The Ghana Health Service has dismissed claims that the 44-bed treatment centre being constructed at the Korle Bu Teaching Hospital has stalled due to lack of funds.
There were media reports that the contractors working on the facility have abandoned the project and will only return when money is made available to continue the construction.
The treatment centre was to augment Ghana’s efforts in COVID-19 case management.
But speaking at a press briefing in Accra, Director General of the Ghana Health Service, Dr. Patrick Kuma-Aboagye indicated that reports that the building has come to a standstill are untrue.
“The Korle Bu building has not been abandoned. Construction is going on. The response to this from the beginning was to build our strength for the next pandemic and any other infectious disease. So no one has abandoned the Korle Bu building. It will be done.”
He also mentioned that the Service is working assiduously to complete an additional 100-bed facility in the Ashanti region in a week’s time to boost the country’s healthcare capacity.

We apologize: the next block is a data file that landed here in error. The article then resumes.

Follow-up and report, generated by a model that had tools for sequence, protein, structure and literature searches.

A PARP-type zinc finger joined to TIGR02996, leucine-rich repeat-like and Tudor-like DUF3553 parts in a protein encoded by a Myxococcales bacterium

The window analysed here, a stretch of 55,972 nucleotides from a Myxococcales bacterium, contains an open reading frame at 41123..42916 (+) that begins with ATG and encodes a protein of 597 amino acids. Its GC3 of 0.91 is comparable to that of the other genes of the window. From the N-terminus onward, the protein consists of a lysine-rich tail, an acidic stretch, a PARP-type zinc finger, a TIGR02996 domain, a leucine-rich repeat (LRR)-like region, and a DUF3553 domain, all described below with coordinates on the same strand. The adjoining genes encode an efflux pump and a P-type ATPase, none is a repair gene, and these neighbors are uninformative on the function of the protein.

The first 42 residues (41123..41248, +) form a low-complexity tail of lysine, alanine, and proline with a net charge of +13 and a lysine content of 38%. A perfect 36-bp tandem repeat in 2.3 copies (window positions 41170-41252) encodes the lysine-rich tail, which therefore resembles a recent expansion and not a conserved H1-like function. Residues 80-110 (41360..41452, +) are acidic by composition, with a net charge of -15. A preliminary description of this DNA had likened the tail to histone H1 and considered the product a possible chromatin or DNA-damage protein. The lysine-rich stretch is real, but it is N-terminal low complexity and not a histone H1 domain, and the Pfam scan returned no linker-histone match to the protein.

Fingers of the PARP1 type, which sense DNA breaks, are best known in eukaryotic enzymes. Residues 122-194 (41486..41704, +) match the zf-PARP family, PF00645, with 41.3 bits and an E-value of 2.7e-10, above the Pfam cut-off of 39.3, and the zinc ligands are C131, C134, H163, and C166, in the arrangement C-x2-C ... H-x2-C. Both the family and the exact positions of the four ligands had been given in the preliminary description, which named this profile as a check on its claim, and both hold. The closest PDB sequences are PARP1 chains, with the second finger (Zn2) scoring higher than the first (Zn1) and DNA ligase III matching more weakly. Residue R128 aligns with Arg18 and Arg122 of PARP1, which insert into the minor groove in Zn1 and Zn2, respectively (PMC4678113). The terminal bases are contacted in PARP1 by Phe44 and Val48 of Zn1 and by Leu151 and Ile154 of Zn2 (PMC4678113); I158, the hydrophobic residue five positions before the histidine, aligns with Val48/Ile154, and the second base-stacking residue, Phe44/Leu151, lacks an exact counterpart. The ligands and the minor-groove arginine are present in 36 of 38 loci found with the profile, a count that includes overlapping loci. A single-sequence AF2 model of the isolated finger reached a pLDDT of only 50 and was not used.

“I just returned from Kumasi last night, we are expanding about 14 beds from Kumasi South and by this weekend it will be done. We are giving them an additional 25 building so that staff will have a place to sleep and rest while they work. I have also been to Toase to look at the 70-bed capacity donated by Prof. Frimpong Boateng. We are putting in place the things needed and hoping that within a week, that place will also be ready”, he disclosed.
Adhering to protocols will make us safe
As of Tuesday, June 23, 2020, Ghana’s COVID-19 case count reached 14,568 as 414 new cases were recorded.
The total number of persons who have recovered/discharged has also increased to 10,907.
The country has recorded 10 new deaths pushing the death toll to 95.
Following the recovery of over 10, 000 people infected with COVID-19, Dr. Kuma-Aboagye said the country can be made safe if Ghanaians adhere to the safety protocols
“Ghana can remain safer. The recoveries are about 73 percent and when you look at the percentage of deaths, it means that 99 percent of people who contract this disease will recover. But this is a very disruptive disease and that the effects on society and the community is such that it is something we can all work on together. So if you abide by the safety protocols, the rate of infection and the people who die will reduce and the rate of disruption in care will reduce,” Dr. Kuma-Aboagye advised.